But interestingly, it appears that elderly people who engage in regular physical exercise experience far less of this brain cross-talk compared to sedentary seniors. In fact, on a number of measures, very active seniors seem to have brain response patterns more closely akin to young adults than their sedentary counterparts as was evident in the research study discussed here.
In that study, 36 people were enrolled (12 active elderly, 12 sedentary elderly and 12 young adults). The average age of the two elderly groups was approximately 70, while the average age of the young adult group was 24. The active elderly group was comprised of individuals who were currently engaged in an aerobic exercise program three times each week for at least 30 minutes a session and who had been in such a program for at least five consecutive years. Sedentary seniors in the study were categorized as such if they acknowledged engaging in aerobic exercise for less than 45 minutes per week. The young adult group was not segregated based on physical activity level.
The researchers put each group through baseline physical tests to assess their relative level of physical condition including tests to judge their aerobic exercise capacity, reaction time and hand strength. Not surprisingly, the young adult group performed the best on all three tests with the active elderly group registering greater capacity on all tests in relation to the elderly sedentary group.
To assess how much brain function differences were at play in these results the researchers conducted a diagnostic evaluation known as the “finger tapping test.” In this test, subjects rest their right palm on a computer keyboard and tap on a designated key with their right index finger for 60 seconds while doing nothing else (isolating both the physical and brain activity as much as possible). While tapping, the subjects were connected to two different medical devices that evaluate brain activity — functional magnetic resonance imaging device (fMRI) and trans magnetic stimulation (TMS) device. These devices detect patterns of blood flow and electrical/magnetic currents in targeted areas of the brain.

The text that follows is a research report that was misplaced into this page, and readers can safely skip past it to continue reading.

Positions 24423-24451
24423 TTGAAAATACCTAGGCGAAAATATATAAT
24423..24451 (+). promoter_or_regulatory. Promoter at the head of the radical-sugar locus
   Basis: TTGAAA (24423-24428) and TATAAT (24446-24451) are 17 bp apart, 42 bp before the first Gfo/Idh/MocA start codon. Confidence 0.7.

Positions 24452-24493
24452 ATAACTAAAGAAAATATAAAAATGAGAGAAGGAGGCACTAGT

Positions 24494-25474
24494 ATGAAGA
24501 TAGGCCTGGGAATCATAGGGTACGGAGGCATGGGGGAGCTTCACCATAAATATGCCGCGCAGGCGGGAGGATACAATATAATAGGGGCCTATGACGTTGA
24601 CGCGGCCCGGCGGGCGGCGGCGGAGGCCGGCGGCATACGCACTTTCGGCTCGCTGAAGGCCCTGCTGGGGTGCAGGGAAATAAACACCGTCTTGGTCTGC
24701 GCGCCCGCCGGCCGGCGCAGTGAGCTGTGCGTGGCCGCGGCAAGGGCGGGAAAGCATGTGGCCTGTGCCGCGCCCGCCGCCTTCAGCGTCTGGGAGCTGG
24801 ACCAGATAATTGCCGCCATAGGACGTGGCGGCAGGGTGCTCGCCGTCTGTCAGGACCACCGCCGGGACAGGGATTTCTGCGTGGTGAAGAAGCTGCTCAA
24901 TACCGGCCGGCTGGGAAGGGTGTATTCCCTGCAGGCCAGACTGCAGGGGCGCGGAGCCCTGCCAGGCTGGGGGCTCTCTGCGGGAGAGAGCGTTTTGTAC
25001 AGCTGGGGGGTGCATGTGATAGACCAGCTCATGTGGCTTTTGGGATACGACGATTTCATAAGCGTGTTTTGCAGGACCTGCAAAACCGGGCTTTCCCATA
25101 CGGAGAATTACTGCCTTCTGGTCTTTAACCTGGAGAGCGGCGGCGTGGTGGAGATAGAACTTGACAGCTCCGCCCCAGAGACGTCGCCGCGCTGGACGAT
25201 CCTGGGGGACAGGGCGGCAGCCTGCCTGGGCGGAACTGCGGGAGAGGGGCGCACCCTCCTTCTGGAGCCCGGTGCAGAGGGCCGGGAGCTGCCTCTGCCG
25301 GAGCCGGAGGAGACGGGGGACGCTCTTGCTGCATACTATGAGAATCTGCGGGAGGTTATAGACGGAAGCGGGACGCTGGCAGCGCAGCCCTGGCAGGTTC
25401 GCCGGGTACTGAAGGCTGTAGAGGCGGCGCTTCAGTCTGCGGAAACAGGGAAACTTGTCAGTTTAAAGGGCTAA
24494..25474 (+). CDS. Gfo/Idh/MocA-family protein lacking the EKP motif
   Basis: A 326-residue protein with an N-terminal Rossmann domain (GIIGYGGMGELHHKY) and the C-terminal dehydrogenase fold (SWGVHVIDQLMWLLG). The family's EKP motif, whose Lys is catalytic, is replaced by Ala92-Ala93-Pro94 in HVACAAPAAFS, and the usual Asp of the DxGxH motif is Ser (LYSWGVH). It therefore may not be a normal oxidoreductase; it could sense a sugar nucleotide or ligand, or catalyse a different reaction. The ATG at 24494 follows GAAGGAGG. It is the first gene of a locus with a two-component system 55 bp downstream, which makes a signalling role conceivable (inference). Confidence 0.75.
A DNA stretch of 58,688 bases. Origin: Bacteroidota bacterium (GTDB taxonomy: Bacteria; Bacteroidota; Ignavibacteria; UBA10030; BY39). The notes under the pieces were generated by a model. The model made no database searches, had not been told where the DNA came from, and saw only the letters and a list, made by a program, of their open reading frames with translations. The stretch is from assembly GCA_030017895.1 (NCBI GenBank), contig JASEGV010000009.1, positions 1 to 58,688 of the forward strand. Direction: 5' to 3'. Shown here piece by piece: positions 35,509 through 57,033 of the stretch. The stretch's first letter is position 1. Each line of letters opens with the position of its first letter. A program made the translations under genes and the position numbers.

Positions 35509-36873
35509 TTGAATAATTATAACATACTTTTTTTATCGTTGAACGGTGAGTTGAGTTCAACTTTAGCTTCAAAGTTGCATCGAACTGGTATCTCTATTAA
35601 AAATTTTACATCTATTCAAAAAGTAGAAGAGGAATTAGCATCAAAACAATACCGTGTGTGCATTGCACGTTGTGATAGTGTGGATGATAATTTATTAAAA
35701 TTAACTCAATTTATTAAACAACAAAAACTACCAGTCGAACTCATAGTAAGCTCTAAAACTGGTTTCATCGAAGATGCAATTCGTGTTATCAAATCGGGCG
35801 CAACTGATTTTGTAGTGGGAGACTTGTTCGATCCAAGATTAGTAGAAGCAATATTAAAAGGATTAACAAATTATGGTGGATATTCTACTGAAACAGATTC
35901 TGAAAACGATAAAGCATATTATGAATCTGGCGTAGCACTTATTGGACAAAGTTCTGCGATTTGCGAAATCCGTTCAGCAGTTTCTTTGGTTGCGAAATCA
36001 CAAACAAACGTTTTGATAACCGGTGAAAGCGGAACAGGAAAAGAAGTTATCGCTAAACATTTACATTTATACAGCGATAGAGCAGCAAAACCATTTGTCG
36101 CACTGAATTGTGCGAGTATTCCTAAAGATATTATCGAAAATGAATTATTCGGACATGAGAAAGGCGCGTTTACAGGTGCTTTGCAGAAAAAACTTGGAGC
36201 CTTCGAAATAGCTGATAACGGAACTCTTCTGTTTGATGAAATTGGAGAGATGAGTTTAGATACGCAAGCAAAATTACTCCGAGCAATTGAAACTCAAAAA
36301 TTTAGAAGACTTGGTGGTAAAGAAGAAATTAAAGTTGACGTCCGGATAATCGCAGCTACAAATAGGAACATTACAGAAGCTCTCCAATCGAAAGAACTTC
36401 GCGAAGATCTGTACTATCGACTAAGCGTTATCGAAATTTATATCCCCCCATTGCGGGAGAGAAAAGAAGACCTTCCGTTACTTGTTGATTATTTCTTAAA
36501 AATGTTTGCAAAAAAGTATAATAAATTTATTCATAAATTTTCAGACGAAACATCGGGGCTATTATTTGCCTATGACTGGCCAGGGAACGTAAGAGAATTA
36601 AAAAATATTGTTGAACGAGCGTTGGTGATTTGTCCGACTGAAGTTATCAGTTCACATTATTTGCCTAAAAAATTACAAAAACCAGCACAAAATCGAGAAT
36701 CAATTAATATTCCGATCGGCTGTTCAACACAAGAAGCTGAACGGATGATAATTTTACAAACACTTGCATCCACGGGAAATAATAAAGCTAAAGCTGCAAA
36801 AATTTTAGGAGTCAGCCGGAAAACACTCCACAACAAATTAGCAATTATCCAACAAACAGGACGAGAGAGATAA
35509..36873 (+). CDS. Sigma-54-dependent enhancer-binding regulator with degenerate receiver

The researchers pointed the devices to detect changes in activity in the left and right sides of the participants’ motor cortex where hand-related commands are known to take place (approximately two inches above and slightly forward of the top of your ears). These sensors were used to evaluate if there were differences in ipsilateral brain activity between the groups undergoing the finger tapping test. From the TMS device readings, it was clear that the young group had the least amount of ipsilateral brain activity as expressed by the duration of the “silent period” between cross-talk events between the two sides of the motor cortex. In fact, the cross-talk silent period in young adults was 90% longer than sedentary seniors while only 35% longer than the active elderly group. Granted, we’re talking milliseconds here, but the differences were significant nonetheless. The results from most of the other specific data analysis from these two devices revealed similar findings.
While offering no definitive cause/effect reasons for their findings, the study authors concluded, “These results indicate that the long-term maintenance of high levels of physical activity could delay or reverse losses of inter-hemispheric inhibition associated with chronological aging.
While previous work has indicated that aerobic exercise could serve to mitigate age-related cognitive decline, less is known of the potential effect of physical fitness on the human motor system. We found that older adults who engage in regular bouts of volitional exercise exhibit greater inter-hemispheric inhibition in ipsilateral M1, in contrast to their sedentary counterparts.”
In other words, a long-term commitment to aerobic exercise seems to dilute the impact of aging on the brain’s motor skill functions. Combined with previous research that has shown a higher degree of cognitive function among physically active seniors, it would seem that a regular program of exercise might just be the most effective natural remedy one can find to preserve youth of mind, body and spirit.
 McGregor KM, et al. Physical Activity and Neural Correlates of Aging: A Combined TMS/fMRI Study. Behav Brain Res. 2011 March 24 [Epub ahead of print].